Faith Results in Desert Rescue

I used to be the kind of casual tourist in the Nevada desert about whom locals guffaw or at whose bleached bones they scoff when stumbling upon them.  DSCN0262By contrast my husband insisted on being prepared.  As it turned out, neither of our styles prevailed, for despite being prepared, we became dependent on God’s mercy in ways neither of us could have imagined.

 “We’re going to break down one of these days, ” Jeff said as we rolled through Imlay around noon on August 24, past a fishing hole on the Humbolt River and around the east end of Rye Patch Resevoir.  Jeff is experienced with 4-wheel drive ventures but that day we were driving a spotless black Chevy HHR with less 4,000 miles on it.  We were babying the car, aware that it wasn’t built for dirt roads, however well-DSCN0267maintained.   My husband was prepared with shovels, a tire repair kit and plugs, extra water and gas.   We also had camping gear from a couple of nights in the Sierras and a leftover supply of smoked salmon, butter and eggs floating in a cooler of melting ice.  As we drove I read to Jeff from our new Nevada Map Atlas the names of familiar ranges and moutains we had traveled before but never identified.  We crossed the Imlay Summit between the Antelope Range and the Majuba Mountains and descended to continue for miles to a T intersection where we turned right.  As we drove deep into Rosebud Canyon, I suggested we explore a side road.  We inched up it past an abandoned mine but decided the road was too rough to continue.  We turned around and began to ease back down.  A few minutes later we hit a bump and ***ding ding ding*** a rock punctured the oil pan.   My husband promptly shut the engine off and we coasted just far enough to reach the crossroad at the bottom of the hill.  It was approaching 100 degrees.  I covered the car in towels and blankets but inside the dogs still panted while outside my husband paced.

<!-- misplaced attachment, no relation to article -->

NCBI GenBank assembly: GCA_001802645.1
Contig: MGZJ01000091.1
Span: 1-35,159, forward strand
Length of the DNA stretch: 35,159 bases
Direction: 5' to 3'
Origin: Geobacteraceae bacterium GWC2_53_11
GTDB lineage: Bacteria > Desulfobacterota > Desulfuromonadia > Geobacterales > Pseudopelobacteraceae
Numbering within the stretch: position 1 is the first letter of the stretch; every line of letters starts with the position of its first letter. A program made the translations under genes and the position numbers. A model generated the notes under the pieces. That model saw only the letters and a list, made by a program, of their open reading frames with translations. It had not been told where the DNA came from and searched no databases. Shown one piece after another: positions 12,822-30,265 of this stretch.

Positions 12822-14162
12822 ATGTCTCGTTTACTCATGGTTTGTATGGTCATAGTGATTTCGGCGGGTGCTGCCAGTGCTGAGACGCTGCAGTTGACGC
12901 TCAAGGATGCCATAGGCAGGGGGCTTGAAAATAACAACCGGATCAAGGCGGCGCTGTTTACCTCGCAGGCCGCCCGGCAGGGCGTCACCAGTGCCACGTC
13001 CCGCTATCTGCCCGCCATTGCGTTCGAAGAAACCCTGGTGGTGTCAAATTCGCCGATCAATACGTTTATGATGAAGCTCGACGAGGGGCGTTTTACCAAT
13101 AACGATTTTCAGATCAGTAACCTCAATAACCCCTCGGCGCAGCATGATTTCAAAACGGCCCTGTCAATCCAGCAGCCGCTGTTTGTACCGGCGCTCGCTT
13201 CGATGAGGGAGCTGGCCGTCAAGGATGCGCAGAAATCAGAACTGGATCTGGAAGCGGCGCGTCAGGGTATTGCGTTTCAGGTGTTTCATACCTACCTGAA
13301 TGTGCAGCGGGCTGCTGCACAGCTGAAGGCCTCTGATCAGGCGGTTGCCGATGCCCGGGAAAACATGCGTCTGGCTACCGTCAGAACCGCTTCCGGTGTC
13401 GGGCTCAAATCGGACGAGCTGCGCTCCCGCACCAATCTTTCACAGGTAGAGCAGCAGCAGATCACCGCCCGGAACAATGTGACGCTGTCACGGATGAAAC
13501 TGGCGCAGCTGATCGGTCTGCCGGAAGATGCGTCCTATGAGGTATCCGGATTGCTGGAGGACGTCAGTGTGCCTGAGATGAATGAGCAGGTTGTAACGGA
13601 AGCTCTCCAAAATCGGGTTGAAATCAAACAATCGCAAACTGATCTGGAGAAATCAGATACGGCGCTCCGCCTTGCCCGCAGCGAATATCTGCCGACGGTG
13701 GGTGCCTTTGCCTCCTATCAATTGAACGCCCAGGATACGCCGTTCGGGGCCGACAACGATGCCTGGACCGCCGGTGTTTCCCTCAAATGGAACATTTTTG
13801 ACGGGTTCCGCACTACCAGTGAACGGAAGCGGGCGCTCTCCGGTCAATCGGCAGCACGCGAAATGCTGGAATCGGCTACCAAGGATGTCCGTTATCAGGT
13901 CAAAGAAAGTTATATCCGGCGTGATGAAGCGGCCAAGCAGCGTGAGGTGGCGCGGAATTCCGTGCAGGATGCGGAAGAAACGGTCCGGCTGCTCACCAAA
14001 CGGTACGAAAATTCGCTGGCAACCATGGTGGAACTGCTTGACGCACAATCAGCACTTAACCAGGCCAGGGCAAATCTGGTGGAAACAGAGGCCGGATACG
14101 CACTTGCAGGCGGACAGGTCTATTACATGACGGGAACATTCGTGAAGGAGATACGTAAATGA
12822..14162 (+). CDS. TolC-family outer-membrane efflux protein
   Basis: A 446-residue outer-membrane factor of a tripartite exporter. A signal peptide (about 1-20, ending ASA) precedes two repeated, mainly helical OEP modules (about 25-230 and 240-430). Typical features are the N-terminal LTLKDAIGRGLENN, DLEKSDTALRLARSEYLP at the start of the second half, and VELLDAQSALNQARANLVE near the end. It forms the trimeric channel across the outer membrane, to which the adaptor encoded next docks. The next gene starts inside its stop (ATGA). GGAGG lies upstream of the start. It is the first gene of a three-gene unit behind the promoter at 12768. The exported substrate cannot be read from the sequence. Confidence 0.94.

“You should really get in,” I said, my voice barely audible.  Hours passed and the sun began to set behind the hill in back of us.  We agreed to start walking at dawn, our best chance to cross those miles in that heat, though the walk would take 12 hours or more and by then time would hardly matter.  We prayed together and separately.  “I should gather the leashes in case someone comes,” I said suddenly, not really knowing why and a few minutes later my husband leapt from the driver’s seat into which he had finally settled and excitedly hailed a pick-up from which a man and woman emerged, skeptical, reluctant.  My husband explained our circumstances.   The couple, L. and M., were prospecting.  They had been driving all day.  They had just arrived in Rosebud Canyon and planned to camp there.  It was miles and hours to Imlay. 

Nevertheless, the couple agreed to trasport us to safety in the back of their ’78 half-ton and we climbed in with our dogs.  “My husband drives fast,” L. warned, “I hope you don’t mind.”  How fast could he drive on these roads we wondered?  M. held it steady at 78 mph.  Jeff and I held tightly and sailed, surrounded and trailed by a tunnel of dust puncuated by the round gold sun.

DSCN0272M. and L. stopped.  “Did you see the antelope?  Did you see the eagle? ”  We shook our dust-crusted heads.  They gave water to us and our dogs and shared with us a French Cantelope from their garden.  They were, it seemed, generous epicureans.  Refreshed, we prepared to resume our trip.  M. and L. drove us to a truck stop near Mill City and once assured that we could procure other help from that point, waved good-bye.

Our thanks to God, M. and L., and the tow truck driver and his son, who despite getting lost in the neverending blackness, returned with us to Rosebud Canyon that night to retrieve our vehicle, then delivered us to our motel.

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